JuicyLesson #116: Inequality: The Distribution of Global Wealth According to Oxfam

This longish report will be divided into two parts. Today the first part of the report is presented accompanied by a brief introduction.

Tomorrow, we’ll have a look at the second half of the article. Also included will be my take on the whole article.

This report was recently published in the Sydney Herald. It is intended as a follow up to yesterday’s (Monday’s) Juicy Lesson which examined some of the work of the author Hunter S. Thompson (1937-2005) and pondered the following question: Is Dr. Thompson’s radical, leftist philosophy with its frequent rants against the basic inequality which is a significant factor in contemporary society still relevant in our modern world,  or does reading about or hearing it simply turn us off?

Any society which functions apparently so as to advantage the wealthy and powerful at the expense of the less wealthy and less powerful cries out to be corrected no matter when these cries surface nor when they are finally heard. Therefore I hold firm in my conviction that Dr. Thompson’s work is as relevant now as it ever was and that if reading or hearing about it turns us off, then it is not the philosophical bent of Thompson’s work that needs corrective surgery, but the minds of the people hearing about or engrossed in the reading of it although maybe “engrossed” is not the correct word because if you could actually become “engrossed” in the work in the first place, then your attitude would not require correction.

Yesterday we looked at how one-sided the exercise of power has been in the United States especially with relevance to what was going on in the American political mosaic especially in the latter sixties-early seventies period. Today we’ll have a look at inequality in the distribution of wealth in the contemporary world in an effort to show that what Hunter S. Thompson spoke out against fifty years ago – the exploitation of the common person by the wealthy amongst us for one thing – is still occurring today on a regular basis and continues to provide the dialectic which moves our world.  As I have already said, tomorrow I will present the remainder of this article as well as providing commentary on the contents of this piece as a whole which comes to us courtesy of “The Digital Journal” and the “Sydney Herald”.

Eighty-five people apparently have access nobody else has.

The report shows the wealth of the 1 per cent richest people in the world is worth about $110 trillion, 65 times the total wealth of the bottom half of the world’s population.

It also shows the world’s richest 85 people control about $1.7 trillion in wealth, equivalent to the bottom half of the world’s population.

In the US, the wealthiest 1 per cent of the population grabbed 95 per cent of post-financial crisis growth between 2009 and 2012, while the bottom 90 per cent became poorer.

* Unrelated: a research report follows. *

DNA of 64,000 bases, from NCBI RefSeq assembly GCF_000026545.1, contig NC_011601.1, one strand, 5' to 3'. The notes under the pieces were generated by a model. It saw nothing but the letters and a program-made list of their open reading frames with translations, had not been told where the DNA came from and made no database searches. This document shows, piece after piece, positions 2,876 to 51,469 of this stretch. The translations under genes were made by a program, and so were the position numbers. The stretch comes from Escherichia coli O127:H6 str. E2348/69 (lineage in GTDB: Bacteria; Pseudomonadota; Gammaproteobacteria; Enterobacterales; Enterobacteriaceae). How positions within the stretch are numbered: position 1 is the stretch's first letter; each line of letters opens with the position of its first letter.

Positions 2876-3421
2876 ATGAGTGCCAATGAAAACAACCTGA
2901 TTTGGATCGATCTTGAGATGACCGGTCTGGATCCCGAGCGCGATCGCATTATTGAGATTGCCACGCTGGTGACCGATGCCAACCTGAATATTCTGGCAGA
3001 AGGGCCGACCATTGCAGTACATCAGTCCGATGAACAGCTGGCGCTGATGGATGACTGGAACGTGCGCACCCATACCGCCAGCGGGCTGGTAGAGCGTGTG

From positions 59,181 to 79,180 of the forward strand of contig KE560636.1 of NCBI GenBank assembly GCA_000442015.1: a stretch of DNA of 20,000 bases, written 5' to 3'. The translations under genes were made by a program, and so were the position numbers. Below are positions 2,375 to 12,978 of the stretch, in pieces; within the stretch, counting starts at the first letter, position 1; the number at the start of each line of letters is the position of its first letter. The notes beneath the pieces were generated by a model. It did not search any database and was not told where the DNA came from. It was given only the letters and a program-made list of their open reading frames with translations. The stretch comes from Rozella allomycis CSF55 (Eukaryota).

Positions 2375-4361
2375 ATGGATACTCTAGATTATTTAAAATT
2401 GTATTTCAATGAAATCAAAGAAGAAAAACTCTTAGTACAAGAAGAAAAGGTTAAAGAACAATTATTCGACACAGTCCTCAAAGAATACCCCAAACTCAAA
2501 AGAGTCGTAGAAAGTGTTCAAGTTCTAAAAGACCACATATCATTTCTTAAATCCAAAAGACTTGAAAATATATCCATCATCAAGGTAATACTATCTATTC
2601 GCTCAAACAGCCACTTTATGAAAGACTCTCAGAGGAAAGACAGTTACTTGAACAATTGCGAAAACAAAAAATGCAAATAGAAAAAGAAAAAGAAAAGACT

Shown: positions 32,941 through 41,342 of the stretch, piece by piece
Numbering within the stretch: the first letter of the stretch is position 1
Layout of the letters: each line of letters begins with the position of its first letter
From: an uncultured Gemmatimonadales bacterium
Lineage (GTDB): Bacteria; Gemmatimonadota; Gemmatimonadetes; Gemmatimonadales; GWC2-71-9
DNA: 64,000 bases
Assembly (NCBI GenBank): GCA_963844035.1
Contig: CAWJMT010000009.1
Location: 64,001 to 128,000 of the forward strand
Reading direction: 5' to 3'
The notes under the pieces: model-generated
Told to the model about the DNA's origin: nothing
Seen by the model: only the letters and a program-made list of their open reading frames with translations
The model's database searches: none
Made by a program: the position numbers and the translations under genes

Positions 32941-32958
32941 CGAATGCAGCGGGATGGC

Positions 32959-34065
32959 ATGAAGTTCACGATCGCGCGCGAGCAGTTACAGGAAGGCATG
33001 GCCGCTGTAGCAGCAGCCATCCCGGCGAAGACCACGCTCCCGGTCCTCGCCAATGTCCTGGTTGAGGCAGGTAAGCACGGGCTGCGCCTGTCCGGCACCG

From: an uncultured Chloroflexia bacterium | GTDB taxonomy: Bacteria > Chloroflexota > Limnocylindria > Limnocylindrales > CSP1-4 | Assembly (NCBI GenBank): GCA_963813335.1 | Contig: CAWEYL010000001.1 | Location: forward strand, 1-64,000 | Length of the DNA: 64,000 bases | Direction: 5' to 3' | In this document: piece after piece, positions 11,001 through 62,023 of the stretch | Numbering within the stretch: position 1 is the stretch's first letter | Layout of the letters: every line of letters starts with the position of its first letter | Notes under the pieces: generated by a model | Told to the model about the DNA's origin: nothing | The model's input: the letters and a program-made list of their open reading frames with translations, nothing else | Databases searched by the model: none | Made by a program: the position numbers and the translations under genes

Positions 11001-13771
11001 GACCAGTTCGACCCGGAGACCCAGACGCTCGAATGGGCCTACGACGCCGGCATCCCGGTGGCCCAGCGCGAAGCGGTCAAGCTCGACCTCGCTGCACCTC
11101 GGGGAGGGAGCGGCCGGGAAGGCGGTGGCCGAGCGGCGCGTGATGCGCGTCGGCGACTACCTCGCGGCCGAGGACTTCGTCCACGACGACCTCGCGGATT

Business Insider:

Oxfam also argues that this is no accident either, saying growing inequality has been driven by a “power grab” by wealthy elites, who have co-opted the political process to rig the rules of the economic system in their favour.

(Or, to put it another way, the endlessly pandering policies and practices put in place by all Western governments since the Thatcher/Reagan years.)

A few observations at this point:

These 85 people are worth on average, say, $190 billion, each.
Their wealth is their “official” wealth, the wealth that they’re known to have, not necessarily their full range of assets.

The Economic Times:
“Wealthy elites have co-opted political power to rig the rules of the economic game, undermining democracy and creating a world where the 85 richest people own the wealth of half of the world’s population,” Oxfam claimed.

It further added that since the late 1970s, tax rates for the richest have fallen in 29 of the 30 countries for which data are available, meaning that in many places the rich not only get more money but also pay less tax on it.
The politics of this economic profile aren’t exactly a mystery. It’s basically a result of corruption and a compliant political system which has long since failed to represent anything but the wealthy.

This is the real global conspiracy in its party dress, in many ways. A shabby, shoddy, pantomime of democracy based on greed. No totalitarian state, no goose-stepping accountants, no foaming at the mouth dictators, just ridiculous media campaigns and more greed.

Much more on this most damning report tomorrow.

Definitely food for some serious thought.

Over and Peace Out




One response to “JuicyLesson #116: Inequality: The Distribution of Global Wealth According to Oxfam”

  1. woha. However you say, hold up. Heard your statistics confirmed by CNN. Great catch.

    However, let’s get people like Bill Gates, and Warren Buffet the praise they deserve in passing it on, as it is indeed intended to be done.

    Visiting Hilton daily, and seeing him participating quite well. Just holding on, and enjoying his company. Hope to see you before I leave. Open ticket for now. Peace back. Joan

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